Singer/songwriter Paul Simon has enjoyed one of the longest and most
acclaimed careers of any musician still active in the music world
Simon was born 58 years ago today in Newark, N.J. While in sixth grade
in Forest Hills, N.Y., he began harmonizing with his school friend,
tenor Art Garfunkel.
The duo stuck with their singing and, as Tom and Jerry, had a top-50
hit in 1957 with an original song, "Hey Schoolgirl." After being
unable to follow the song with another hit, they split.
Simon had a few minor hits without Garfunkel, one as the solo act
Jerry Landis and another with the group Tico & the Triumphs. After
dropping out of law school in 1964, he succeeded in selling one of
his songs to Columbia Records, which signed a reunited Simon and
Garfunkel (as they now called themselves) as a folk act.
Simon and Garfunkel's Wednesday Morning, 3 A.M. (1964)
flopped. Simon, by then living in the UK, was signed as a solo act
by CBS Records, which issued The Paul Simon Song Book (1965).
Meanwhile, however, producer Tom Wilson didn't give up on Simon and
Because folk-rock was hot, Wilson took the acoustic track "Sounds of
Silence" from the duo's debut LP and added electric instrumentation.
He issued the song in October 1965, and the cut hit #1 in the States.
For the remainder of the '60s, the pair were one of pop's most
successful acts. They scored hits with such Simon compositions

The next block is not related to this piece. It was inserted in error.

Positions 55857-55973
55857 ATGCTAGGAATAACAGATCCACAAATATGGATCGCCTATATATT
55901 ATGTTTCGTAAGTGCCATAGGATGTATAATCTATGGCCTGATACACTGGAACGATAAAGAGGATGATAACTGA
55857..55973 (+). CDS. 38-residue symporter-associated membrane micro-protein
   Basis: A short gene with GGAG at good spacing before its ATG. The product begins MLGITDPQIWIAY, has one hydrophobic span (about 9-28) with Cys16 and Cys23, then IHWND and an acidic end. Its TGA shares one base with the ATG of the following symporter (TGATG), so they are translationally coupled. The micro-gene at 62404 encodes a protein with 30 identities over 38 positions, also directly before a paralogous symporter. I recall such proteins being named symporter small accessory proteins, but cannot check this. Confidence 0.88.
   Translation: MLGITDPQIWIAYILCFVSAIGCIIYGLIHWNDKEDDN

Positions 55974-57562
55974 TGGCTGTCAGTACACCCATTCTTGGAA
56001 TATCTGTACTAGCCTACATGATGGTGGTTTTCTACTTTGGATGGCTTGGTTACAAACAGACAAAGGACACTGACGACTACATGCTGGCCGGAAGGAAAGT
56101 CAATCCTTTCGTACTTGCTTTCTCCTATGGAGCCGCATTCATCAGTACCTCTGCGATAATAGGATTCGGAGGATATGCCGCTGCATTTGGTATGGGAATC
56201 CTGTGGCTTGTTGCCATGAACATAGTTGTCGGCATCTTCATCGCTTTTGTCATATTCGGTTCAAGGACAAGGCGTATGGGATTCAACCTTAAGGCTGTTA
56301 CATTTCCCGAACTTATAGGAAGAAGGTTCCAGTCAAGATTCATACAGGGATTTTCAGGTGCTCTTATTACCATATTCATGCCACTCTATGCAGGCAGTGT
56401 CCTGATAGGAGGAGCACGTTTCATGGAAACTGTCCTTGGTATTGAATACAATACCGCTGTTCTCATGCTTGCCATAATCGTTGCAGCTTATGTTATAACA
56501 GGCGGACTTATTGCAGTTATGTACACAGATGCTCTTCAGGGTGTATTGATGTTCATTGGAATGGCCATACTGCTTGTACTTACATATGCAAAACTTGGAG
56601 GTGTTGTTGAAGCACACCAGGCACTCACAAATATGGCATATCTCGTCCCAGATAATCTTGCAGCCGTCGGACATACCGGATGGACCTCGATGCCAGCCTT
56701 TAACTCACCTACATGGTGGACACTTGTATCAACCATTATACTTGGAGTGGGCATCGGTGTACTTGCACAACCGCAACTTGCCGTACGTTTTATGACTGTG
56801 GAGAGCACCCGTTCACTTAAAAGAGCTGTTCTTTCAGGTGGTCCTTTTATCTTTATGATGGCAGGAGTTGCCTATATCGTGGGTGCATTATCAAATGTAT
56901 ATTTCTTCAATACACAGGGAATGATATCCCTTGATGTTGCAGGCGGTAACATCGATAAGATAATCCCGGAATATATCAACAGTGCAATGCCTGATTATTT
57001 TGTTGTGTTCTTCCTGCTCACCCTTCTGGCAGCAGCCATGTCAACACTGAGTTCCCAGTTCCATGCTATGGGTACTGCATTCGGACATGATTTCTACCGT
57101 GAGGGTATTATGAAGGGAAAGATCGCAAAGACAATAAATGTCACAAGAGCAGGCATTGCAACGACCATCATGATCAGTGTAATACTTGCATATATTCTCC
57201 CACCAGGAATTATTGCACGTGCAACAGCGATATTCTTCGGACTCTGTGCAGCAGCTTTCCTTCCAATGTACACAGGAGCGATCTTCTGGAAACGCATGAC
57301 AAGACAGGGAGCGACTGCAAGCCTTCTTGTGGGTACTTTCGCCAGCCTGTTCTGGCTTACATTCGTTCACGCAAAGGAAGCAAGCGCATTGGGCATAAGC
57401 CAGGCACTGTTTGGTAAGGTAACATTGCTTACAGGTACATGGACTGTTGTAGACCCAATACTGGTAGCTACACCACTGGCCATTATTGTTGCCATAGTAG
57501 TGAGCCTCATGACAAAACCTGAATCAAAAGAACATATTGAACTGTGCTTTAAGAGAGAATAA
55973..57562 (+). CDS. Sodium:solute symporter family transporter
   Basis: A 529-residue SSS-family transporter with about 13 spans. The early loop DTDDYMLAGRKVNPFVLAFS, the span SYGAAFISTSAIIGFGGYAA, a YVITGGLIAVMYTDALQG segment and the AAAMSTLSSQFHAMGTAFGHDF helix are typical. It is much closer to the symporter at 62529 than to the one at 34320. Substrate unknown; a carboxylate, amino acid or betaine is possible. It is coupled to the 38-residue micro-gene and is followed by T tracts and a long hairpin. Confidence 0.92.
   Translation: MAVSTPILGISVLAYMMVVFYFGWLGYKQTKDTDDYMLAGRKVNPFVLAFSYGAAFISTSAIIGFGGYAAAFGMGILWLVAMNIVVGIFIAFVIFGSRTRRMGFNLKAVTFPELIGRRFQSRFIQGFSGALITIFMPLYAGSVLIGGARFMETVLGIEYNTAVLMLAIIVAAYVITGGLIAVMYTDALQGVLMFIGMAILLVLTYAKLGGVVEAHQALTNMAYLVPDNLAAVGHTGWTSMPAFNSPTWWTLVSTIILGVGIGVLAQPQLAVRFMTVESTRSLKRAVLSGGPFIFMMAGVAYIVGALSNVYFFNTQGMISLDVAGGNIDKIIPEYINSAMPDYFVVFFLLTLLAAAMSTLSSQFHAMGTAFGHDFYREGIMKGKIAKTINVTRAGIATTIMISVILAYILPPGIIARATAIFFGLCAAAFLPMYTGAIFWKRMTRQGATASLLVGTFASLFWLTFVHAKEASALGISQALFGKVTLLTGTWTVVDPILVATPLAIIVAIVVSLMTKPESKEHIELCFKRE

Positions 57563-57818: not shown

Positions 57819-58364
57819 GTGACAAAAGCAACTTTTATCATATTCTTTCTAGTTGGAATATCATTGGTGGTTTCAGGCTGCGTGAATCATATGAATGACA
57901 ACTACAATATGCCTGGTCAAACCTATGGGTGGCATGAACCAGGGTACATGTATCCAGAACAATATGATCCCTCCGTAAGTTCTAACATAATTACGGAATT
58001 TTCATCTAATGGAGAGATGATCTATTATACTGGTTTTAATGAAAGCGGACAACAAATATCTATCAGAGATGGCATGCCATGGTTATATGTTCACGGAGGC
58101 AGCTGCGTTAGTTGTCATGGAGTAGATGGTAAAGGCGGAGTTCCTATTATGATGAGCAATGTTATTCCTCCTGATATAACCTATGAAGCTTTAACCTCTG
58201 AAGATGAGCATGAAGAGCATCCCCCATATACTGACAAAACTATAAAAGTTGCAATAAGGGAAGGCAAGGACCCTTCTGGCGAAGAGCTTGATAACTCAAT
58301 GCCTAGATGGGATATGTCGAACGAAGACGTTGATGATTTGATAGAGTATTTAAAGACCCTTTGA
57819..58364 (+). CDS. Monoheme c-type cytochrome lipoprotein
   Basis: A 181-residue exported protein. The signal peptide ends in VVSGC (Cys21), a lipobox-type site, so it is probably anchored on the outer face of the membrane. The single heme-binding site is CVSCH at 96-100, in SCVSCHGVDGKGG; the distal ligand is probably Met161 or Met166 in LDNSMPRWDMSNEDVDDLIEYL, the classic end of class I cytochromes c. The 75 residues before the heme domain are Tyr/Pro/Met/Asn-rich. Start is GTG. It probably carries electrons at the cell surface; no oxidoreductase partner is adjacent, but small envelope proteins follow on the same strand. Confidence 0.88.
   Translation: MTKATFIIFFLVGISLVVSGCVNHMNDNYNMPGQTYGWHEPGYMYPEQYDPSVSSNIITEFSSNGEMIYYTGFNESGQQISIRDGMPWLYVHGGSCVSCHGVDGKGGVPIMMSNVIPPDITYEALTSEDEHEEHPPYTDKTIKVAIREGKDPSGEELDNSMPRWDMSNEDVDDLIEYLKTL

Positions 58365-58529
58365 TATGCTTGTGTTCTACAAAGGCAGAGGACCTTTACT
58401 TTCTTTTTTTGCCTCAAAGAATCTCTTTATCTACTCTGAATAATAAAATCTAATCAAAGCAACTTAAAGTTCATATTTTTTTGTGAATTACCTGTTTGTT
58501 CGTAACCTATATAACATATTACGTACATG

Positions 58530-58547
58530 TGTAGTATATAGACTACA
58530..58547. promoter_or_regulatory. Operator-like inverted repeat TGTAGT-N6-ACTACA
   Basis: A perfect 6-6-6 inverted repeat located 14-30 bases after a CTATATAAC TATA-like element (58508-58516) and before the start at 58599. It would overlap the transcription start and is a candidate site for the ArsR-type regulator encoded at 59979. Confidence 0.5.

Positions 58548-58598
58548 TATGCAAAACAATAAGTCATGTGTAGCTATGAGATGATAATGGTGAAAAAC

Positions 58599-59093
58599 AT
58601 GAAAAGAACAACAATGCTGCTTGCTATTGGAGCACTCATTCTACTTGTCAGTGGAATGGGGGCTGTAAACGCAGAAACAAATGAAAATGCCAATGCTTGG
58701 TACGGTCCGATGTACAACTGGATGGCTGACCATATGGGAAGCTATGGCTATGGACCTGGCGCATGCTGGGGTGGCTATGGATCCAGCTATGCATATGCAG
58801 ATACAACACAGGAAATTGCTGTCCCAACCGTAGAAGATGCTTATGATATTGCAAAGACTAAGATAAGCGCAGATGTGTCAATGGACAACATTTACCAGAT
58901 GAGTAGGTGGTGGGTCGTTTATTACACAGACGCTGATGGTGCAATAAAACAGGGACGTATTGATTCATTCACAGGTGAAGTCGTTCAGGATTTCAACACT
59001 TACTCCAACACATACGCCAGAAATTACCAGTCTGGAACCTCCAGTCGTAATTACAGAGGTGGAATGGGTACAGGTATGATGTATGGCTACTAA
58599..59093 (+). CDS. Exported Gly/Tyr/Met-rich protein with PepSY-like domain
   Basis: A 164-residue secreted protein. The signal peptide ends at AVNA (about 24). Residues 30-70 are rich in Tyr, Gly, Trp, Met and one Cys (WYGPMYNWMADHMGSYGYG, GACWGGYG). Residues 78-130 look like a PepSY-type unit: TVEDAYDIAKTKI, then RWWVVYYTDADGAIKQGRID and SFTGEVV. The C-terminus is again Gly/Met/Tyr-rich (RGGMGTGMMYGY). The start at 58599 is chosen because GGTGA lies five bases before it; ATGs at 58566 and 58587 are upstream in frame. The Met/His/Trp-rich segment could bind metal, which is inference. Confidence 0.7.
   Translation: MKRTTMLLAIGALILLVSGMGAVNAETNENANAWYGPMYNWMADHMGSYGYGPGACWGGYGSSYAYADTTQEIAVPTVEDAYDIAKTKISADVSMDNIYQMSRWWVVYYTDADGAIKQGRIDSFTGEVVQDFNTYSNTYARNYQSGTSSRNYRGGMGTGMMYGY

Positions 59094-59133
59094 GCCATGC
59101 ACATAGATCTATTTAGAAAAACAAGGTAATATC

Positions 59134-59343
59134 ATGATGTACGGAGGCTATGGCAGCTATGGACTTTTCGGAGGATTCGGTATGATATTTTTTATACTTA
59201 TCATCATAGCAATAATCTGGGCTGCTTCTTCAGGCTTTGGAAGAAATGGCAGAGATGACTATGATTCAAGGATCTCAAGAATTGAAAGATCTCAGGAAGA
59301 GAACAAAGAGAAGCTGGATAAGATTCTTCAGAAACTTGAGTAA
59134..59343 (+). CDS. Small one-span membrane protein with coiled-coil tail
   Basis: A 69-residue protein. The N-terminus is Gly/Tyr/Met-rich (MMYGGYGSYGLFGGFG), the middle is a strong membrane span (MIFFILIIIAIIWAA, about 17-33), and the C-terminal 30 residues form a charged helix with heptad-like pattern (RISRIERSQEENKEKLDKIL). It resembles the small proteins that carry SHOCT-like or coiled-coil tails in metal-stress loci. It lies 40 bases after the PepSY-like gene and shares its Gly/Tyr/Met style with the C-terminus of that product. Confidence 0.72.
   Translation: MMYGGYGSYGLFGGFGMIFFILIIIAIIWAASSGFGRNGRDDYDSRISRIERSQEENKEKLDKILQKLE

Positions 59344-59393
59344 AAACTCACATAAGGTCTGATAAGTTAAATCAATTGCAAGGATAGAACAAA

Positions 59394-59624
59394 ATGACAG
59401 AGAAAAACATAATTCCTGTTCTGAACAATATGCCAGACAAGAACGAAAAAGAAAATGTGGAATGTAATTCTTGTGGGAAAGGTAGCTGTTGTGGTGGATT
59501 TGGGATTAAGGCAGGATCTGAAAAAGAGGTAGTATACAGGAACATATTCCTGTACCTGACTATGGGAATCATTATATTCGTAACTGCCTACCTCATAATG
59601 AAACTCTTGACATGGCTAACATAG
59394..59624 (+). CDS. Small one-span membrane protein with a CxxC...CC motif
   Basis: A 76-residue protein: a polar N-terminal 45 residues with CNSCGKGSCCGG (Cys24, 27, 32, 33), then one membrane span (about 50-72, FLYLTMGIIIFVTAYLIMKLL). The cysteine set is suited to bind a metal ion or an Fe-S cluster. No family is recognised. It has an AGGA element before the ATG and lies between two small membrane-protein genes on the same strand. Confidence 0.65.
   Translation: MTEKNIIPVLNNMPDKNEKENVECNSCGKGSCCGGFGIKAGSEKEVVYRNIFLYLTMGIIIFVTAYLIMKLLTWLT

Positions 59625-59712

as "I Am a Rock" and "Homeward Bound." Simon and Garfunkel had a smash
with "Mrs. Robinson," from their soundtrack to the seminal 1968 film
The pair began to bicker, though, and split following their most
popular album, Bridge Over Troubled Water (1970), which yielded
a hit single in the title ballad.
Simon launched a solo career with his eponymous 1970 solo LP, which
spawned the hits "Me and Julio Down by the Schoolyard" and "Mother
and Child Reunion." The former track's Latin influence was the first
sign that Simon intended to further explore the world rhythms he had
used on such Simon and Garfunkel songs as "El Condor Pasa."
There Goes Rhymin' Simon (1973) featured the hits "Kodachrome"
and "Loves Me Like a Rock." Still Crazy After All These Years,
Simon's next LP, won the 1975 Grammy Award for Album of the Year and
included the #1 "50 Ways to Leave Your Lover."
After a few less popular LPs, Simon returned with Graceland,
which merged rock with world rhythms and the lilting refrains of West
African Highlife music. The album — much of which included South
African musicians — won the 1986 Album of the Year Grammy. It
featured tracks such as "Diamonds on the Soles of Her Shoes."
Simon next incorporated West African, Brazilian and zydeco rhythms on
The Rhythm of the Saints (1990). The well-received LP featured
the single "The Obvious Child."
In 1990 Simon and Garfunkel were inducted into the Rock and Roll Hall
of Fame. After issuing a box set in 1993 and staging a tour with
Garfunkel, Simon tackled Broadway with his musical "The Capeman." The
show was slammed by critics and closed quickly, but yielded Songs
From the Capeman (1997), featuring "Born in Puerto Rico"
This year Simon toured with Bob Dylan.
Other birthdays: Robert Lamm (Chicago), 55; Sammy Hagar, 52;
Craig MacGregor (Foghat), 50; Simon Nicol (Fairport Convention), 49;
John Ford Coley (England Dan and John Ford Coley), 48;
Marie Osmond, 40; and Jan Van Sichem Jr. (K's Choice), 27.